Silicon Savannah: Government Subsidized Innovation

Nairobi’s Ngong Road has become a sort of Wall Street or concentrated Palos Altos. Start-ups and IT labs have situated themselves up and down the area. It is no wonder Nairobi has been nicknamed “Silicon Savannah.” In a country known for its safaris, tea and coffee, Kenya’s technological hub is beginning to parallel its Western counterparts. In 2010, technology exports were at 360 million dollars, shattering the $16 million from eight years prior. The country boasts about having the most popular mobile pay app (M-Pesa), as well as other very valuable applications that help with everyday life: iCow teaches farmers how to take care of their livestock, while mFarm permits farmers to have a direct influence on the market and direct prices. Huduma warrants a direct interaction between the government and the people: citizens relay maintenance issues with public services (ex: potholes) and can track the time it takes for a problem to be resolved.

The Economist cites Bitange Ndemo*, the former permanent secretary to the ministry of information and communication technology (ICT), as a major cause and motivator in the technological turnaround. He was elected in 2005. Erik Hersman, a tech guru in Nairobi, speaks highly of Ndemo, viewing him as an instigator of major governmental and citizen support for the technological revolution.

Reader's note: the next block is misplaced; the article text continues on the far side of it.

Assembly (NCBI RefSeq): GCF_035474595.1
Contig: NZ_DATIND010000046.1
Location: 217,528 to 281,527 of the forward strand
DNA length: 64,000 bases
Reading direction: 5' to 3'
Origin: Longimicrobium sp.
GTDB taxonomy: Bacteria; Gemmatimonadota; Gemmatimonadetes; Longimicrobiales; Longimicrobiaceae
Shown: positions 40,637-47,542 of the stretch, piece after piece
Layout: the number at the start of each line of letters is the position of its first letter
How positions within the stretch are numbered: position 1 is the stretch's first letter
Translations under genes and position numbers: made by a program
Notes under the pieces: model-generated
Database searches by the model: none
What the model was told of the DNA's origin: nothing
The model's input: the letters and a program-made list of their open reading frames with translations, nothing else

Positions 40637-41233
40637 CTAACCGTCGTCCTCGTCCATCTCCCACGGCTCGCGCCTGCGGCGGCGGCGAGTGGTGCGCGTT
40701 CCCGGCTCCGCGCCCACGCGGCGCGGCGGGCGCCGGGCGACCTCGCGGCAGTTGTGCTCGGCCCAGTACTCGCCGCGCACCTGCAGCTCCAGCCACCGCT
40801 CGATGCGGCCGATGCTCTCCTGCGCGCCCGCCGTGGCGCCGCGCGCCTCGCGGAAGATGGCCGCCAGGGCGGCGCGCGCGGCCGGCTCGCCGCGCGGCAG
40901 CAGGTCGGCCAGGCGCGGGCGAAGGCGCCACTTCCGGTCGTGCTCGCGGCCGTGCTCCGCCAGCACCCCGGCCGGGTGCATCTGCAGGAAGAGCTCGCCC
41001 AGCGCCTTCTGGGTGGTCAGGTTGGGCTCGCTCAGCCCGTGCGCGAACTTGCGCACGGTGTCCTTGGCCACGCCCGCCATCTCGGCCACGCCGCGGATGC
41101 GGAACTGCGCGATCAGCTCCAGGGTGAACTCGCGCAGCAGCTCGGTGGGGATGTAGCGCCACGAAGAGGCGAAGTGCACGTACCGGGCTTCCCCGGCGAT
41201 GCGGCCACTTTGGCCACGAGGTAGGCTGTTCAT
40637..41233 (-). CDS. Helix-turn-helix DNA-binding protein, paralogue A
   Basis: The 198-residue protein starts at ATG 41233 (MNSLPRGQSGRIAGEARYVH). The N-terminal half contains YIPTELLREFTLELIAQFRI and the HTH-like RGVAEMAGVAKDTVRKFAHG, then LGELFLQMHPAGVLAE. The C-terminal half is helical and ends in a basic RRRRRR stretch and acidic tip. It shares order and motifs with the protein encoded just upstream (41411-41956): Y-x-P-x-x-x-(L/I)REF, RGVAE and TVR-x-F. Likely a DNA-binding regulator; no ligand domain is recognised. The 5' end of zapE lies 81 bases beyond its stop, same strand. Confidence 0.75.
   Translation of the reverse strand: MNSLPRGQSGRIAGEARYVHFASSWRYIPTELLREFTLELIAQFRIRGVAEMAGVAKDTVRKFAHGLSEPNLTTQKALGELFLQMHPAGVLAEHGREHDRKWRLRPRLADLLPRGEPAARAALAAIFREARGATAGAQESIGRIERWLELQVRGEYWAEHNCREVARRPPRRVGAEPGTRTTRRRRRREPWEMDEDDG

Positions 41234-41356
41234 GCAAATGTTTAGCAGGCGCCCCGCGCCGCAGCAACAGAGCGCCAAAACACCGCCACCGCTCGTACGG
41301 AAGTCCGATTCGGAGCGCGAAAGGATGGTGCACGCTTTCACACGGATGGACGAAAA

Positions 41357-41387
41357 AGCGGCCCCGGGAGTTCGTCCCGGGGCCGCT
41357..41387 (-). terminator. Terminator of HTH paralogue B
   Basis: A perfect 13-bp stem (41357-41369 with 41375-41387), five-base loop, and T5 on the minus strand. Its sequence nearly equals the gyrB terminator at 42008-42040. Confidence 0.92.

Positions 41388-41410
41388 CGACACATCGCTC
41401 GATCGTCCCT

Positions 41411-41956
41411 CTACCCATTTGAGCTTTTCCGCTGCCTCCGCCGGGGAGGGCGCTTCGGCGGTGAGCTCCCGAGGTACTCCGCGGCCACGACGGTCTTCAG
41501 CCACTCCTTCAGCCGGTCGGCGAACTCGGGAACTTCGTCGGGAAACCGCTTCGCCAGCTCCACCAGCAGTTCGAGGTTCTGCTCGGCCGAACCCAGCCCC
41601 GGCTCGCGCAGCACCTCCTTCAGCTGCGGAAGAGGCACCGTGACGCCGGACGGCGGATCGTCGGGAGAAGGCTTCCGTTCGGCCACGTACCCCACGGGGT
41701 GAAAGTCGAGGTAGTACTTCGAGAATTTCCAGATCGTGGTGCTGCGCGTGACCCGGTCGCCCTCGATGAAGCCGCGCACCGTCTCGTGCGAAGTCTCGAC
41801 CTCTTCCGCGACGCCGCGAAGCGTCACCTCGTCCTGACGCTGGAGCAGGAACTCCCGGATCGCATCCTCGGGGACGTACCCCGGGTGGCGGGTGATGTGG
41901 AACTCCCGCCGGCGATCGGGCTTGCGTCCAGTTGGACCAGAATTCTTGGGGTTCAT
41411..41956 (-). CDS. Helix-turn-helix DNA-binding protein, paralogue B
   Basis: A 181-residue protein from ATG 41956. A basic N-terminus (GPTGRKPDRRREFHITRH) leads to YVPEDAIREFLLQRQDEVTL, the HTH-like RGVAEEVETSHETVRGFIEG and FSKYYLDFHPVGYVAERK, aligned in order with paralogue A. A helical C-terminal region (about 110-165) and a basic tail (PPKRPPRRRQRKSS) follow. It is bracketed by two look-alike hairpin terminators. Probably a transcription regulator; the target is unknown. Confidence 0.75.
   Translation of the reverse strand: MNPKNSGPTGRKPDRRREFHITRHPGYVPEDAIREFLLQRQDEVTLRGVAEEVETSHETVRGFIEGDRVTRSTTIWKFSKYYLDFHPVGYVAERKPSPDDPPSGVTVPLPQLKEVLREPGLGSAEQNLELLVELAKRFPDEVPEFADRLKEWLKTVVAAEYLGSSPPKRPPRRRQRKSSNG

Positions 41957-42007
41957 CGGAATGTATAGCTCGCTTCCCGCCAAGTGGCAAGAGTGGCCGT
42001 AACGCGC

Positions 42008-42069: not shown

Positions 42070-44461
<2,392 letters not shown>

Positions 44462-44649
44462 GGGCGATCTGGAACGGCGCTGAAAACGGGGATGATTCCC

Ndemo opened governmental data to the public, put government money into the IT research and incubators found on Ngong Road, and made high-speed Internet a reality. Prior to his election, Internet depended on satellites and was very expensive. At the time (2008-2009), twenty-three of the fifty-four countries in Africa were all using the same fiber-optic cable for high-speed Internet. Ndemo linked up with a cable from the United Arab Emirates- the first of four, underwater Internet cables. As of 2015, almost 70% of Kenyans have Internet access.

Others note that the success of Kenya is its good education system, which rivals its successful counterpart- South Africa. Ndemo subsidized the Internet access for schools, making sure universities got unlimited Internet facility.

Ndemo states “We have so many problems that can also be opportunities,” to explain the technological boom. When looking at their most successful applications- mPesa, mFarm, iCow- we see them all as direct solutions to a larger problem. MPesa got many Kenyans into using banks, mFarm got farmers in control of their business, while iCow increased success rates. By supporting technology, the government is able to support local businessmen and coordinate subsidized benefits.

The government also gains from Internet based applications. As noted, Ndemo put all governmental data up for the public, to counter the notorious corruption that once existed. This being said, there isn’t success without opposition. Many Kenyan officials have been against change. Despite this, Ndemo mapped the road to realization.



*Moringa School Board Member


ICT Practitioner’s Bill To Destroy Innovation in Kenya

The launch of the recent ICT Practitioner’s Bill has created uproar among the tech community in Kenya. The bill states a number of nonsensical topics, such as how people in IT must be ‘practitioners’ legalized by the government to standardize ICT practice in Kenya. (Read about the problems with this bill here). The focus of the ICT ministry should be on improving the quality of tech education across the country, and not on limiting the genius and talents of Kenyans building tech (who might not have earned a degree in computer science). Needless to say, this bill is quashing innovation and technology as it is today in Kenya. Sign the petition to stop it from passing here.